Documenting Teaching: Use Multiple Sources of Evidence
In the assessment of teaching, all the experts insist on one thing: it's important to have multiple sources of evidence. This is because every potential source provides a different perspective, each with certain limitations. Here are some basic categories to consider when gathering evidence of effective teaching. Within these categories are various options. No one expects all these sources to be used--nor is it necessary to "choose one from each category"--but it is good to present evidence from a variety of perspectives.
Note: Departments or colleges may require specific kinds of evidence. Be sure you know what your department/ college requires.
Students can tell us a lot about our teaching. But there are other areas where students may be biased, or where they are simply not qualified to judge. Here are some suggestions for using and evaluating student-provided data.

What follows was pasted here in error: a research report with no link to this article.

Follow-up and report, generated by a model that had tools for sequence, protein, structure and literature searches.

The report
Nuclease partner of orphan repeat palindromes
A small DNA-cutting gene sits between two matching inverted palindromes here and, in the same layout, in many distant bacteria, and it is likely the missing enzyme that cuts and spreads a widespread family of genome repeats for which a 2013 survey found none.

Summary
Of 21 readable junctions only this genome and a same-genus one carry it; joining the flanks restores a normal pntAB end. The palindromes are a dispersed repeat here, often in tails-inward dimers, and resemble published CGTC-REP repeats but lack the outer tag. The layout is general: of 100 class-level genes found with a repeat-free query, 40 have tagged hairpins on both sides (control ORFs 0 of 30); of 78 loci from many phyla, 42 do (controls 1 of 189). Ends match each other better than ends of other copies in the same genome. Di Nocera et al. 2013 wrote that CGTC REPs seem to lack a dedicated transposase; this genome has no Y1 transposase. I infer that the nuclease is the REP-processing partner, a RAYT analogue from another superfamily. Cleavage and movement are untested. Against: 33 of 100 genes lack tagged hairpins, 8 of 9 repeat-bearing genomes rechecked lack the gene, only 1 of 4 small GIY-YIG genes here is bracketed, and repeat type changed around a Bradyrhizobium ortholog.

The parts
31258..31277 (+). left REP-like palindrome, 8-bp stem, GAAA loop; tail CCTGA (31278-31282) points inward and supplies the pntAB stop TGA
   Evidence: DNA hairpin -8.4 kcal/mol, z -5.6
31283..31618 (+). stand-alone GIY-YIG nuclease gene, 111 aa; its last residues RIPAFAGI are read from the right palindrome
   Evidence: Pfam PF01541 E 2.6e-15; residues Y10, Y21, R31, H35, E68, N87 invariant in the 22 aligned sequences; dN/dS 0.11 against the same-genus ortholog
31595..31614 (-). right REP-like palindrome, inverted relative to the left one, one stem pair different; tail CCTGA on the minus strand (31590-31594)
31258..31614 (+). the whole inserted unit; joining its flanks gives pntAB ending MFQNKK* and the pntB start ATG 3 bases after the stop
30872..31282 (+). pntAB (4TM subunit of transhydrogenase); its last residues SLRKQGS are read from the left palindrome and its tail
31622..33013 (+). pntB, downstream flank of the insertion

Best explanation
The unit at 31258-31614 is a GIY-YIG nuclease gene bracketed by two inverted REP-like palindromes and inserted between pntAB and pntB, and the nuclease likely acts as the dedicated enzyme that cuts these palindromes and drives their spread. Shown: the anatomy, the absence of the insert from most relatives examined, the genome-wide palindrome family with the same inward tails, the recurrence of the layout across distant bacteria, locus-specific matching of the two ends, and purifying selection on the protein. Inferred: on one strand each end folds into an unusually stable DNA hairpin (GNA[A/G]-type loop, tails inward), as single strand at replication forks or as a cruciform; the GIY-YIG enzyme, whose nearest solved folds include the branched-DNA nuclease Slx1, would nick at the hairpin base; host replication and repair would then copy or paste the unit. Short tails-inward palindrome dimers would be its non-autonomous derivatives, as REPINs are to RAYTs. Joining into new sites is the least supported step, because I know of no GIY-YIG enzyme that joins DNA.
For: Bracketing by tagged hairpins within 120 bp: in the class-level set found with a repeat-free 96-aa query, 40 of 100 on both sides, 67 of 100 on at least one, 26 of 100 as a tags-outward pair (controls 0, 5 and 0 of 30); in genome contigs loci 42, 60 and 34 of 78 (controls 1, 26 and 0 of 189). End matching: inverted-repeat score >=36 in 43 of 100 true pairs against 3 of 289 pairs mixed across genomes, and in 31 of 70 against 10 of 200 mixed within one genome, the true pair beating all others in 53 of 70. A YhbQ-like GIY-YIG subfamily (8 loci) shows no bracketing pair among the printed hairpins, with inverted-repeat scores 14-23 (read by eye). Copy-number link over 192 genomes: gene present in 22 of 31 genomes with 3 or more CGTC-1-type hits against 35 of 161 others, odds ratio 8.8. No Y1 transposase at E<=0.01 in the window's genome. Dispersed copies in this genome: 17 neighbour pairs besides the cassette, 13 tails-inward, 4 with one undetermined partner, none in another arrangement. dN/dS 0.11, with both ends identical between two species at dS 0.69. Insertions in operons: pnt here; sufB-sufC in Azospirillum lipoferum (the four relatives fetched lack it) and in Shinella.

Some of the most important evidence of teaching effectiveness is evidence we provide ourselves. Although faculty may not be the best judges of their own teaching effectiveness, the materials we provide can be extremely important in setting a context for other evidence in the file.
While our peers don't experience our teaching directly, they are better able than students to judge such things as subject-matter expertise, course goals, grading practices, professional ethics, and thesis supervision. Here are some ways to arrange for meaningful peer review of teaching.